Earth Sciences: Geology Modelling

Earth Volumetric Studio and EnterVol are essential tools for geologists and geophysicists.

No longer are you limited to 2D fence diagrams and crude guesses. Discover dozens of new ways to interpret your site’s boring logs as a group in 3D.

Earth Volumetric Studio has the ability to build extremely complex geologic models directly from boring logs using indicator kriging in addition to our stratigraphic geologic modeling based on geologic horizons for modeling sites such as Sedimentary Geology.

Earth Volumetric Studio can create complex models that accurately represent subsurface lithology as seen in the 3D Interactive Model below:

 

 

EVS's Geology modules quickly transform borehole observations into geologic structures with mass and volume calculation by geologic layer.

Studio’s Geology modules quickly transform borehole observations into geologic structures with mass and volume calculation by geologic layer.

CASE STUDY: The following work was performed in 2002, long before the release of Earth Volumetric Studio. For that reason, this report references MVS which was the predecessor of Studio.

3D Modeling of Regolith Processes

3D modeling of stratigraphy and geochemistry is critical to enhancing our understanding of supergene processes. Some of the critical studies are the shape of the supergene halo, mass balance for Au and other elements during weathering, and relationships with regolith stratigraphy, geology, and water table. Such studies could be done in areas with extensive grade control data or in areas with only exploration data. The program MVS (Mining Visualization System) has been found to be extremely useful in understanding and quantifying regolith dispersion processes. Sample applications and results are shown below

Relationships between regolith layers can be observed by gridding the stratigraphy and then viewing the regolith separately or together. Argo is a deeply weathered Au ore body adjacent to a major palaeochannel, south of Kalgoorlie, Western Australia. Due the high quality of regolith logging by WMC Exploration Ltd., 10 separate regolith materials could be viewed. Various attributes include the erosion of various in-situ regolith horizons along the palaeovalley, position of transported gravels and sands along the palaeovalley floor, and location of lignite and spongolite materials.

Regolith stratigraphy of the Argo area, looking north-east

Cut-off (3D Plume) diagrams are a common method for visualization of Au grades. It shows solid fill above a specified cut-off, in this case 30 ppb. Commonly we colour the fill according to stratigraphy. The diagram for Twin Peaks shows the axis of the mineralized vein, the depletion front at the base of the highly oxidised zone, and the surface anomaly extending from the surface expression of the original Au vein. Note that any one diagram gives no information of the magnitude of the concentration within the solid fill. I.e., if the cut-off is 50 ppb, the Au plume could be a mineralized vein at > 1 ppm or a supergene dispersion blanket with maximum 100 ppb Au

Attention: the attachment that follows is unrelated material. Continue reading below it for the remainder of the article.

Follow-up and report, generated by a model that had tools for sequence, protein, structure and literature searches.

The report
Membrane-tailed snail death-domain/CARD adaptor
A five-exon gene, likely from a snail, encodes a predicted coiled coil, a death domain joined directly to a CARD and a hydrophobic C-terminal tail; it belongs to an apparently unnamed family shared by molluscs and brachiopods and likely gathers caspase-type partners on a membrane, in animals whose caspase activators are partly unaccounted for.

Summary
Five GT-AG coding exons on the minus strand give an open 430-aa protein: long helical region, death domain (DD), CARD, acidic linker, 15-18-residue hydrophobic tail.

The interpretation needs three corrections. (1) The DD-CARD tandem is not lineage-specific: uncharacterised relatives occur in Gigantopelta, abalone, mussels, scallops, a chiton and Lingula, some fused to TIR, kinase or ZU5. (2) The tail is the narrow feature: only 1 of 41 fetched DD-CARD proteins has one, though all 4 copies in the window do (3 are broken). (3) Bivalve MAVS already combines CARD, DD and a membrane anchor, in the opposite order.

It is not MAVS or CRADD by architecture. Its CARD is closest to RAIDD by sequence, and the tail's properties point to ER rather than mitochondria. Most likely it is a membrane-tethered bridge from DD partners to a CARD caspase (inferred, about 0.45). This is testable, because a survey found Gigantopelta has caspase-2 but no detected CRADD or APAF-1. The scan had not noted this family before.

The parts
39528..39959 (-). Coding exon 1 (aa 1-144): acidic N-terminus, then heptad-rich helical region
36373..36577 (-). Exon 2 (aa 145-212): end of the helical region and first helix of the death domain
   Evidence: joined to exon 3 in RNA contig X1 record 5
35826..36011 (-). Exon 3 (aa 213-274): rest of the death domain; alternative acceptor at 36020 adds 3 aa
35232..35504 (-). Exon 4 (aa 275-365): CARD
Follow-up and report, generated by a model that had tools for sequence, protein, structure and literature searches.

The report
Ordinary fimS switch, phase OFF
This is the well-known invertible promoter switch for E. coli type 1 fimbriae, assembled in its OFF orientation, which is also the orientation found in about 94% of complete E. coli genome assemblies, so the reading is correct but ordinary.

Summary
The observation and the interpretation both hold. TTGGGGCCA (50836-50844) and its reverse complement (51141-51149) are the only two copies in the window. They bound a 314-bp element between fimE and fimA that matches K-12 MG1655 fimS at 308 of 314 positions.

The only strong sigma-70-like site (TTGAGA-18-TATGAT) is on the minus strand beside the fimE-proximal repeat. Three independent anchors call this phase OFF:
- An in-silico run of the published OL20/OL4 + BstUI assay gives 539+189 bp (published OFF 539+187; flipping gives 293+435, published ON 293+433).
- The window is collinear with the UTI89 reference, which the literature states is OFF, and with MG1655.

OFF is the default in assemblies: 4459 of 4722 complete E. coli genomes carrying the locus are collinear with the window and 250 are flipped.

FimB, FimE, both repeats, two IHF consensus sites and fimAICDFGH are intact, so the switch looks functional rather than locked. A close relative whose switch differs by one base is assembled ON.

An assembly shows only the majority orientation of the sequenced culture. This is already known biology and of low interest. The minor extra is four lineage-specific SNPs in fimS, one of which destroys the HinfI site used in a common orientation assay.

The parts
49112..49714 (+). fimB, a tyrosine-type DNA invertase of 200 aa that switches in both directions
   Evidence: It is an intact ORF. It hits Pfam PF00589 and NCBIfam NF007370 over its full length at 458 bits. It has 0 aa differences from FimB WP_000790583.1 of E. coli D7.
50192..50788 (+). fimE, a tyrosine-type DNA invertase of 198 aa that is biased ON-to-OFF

MVS’s geostatistics modules were used to estimate gold concentrations using all available assay data. This visualization shows all regions with an Au grade above 30 ppb and the ore body is colored according to stratigraphy. This Twin Peaks visualization shows the axis of the mineralized vein, the depletion front at the base of the highly oxidised zone, and the surface anomaly extending from the surface expression of the original Au vein.

The MVS program enables a variety of Au concentration calculations:

Calculations of thicknesses and Au concentrations of the regolith layers at Twin Peaks indicates the thick (28 m) depletion of Au (12 ppb) in the upper regolith.

This depletion (as well as the underlying enrichment zone) can also be observed in a concentration vs. RL graph, both for the entire regolith (black stars) and individual layers

These methodologies have been a major enhancement of our ability to investigate supergene processes.

Acknowledgements:

These investigations were conducted as part of CRC LEME / AMIRA Project 504 “Supergene mobilization of gold and other elements in the Yilgarn Craton”. We would like to thank all company sponsors who provided funding for the project, as well as access and logistical support to the project sites and exploration databases and geological information. The Cooperative Research Centre for Landscape Evolution and Mineral Exploration (CRC LEME) is an unincorporated joint venture between The Australian National University, University of Canberra, Australian Geological Survey Organization and CSIRO Exploration and Mining established and supported by the Australian Government’s Cooperative Research Centres Program.

Work performed under The Cooperative Research Centre for Landscape Evolution and Mineral Exploration’s Project 504 “Supergene mobilization of gold and other elements in the Yilgarn Craton”. Dr David J. Gray of CSIRO Exploration & Mining in Wembley, Western Australia used MVS as the primary tool to perform 3D modeling of stratigraphy and geochemistry in their research to enhance understanding of supergene processes. Some of the critical studies are the shape of supergene halo, mass balance for Au and other elements during weathering, and relationships with regolith stratigraphy, geology, and water table.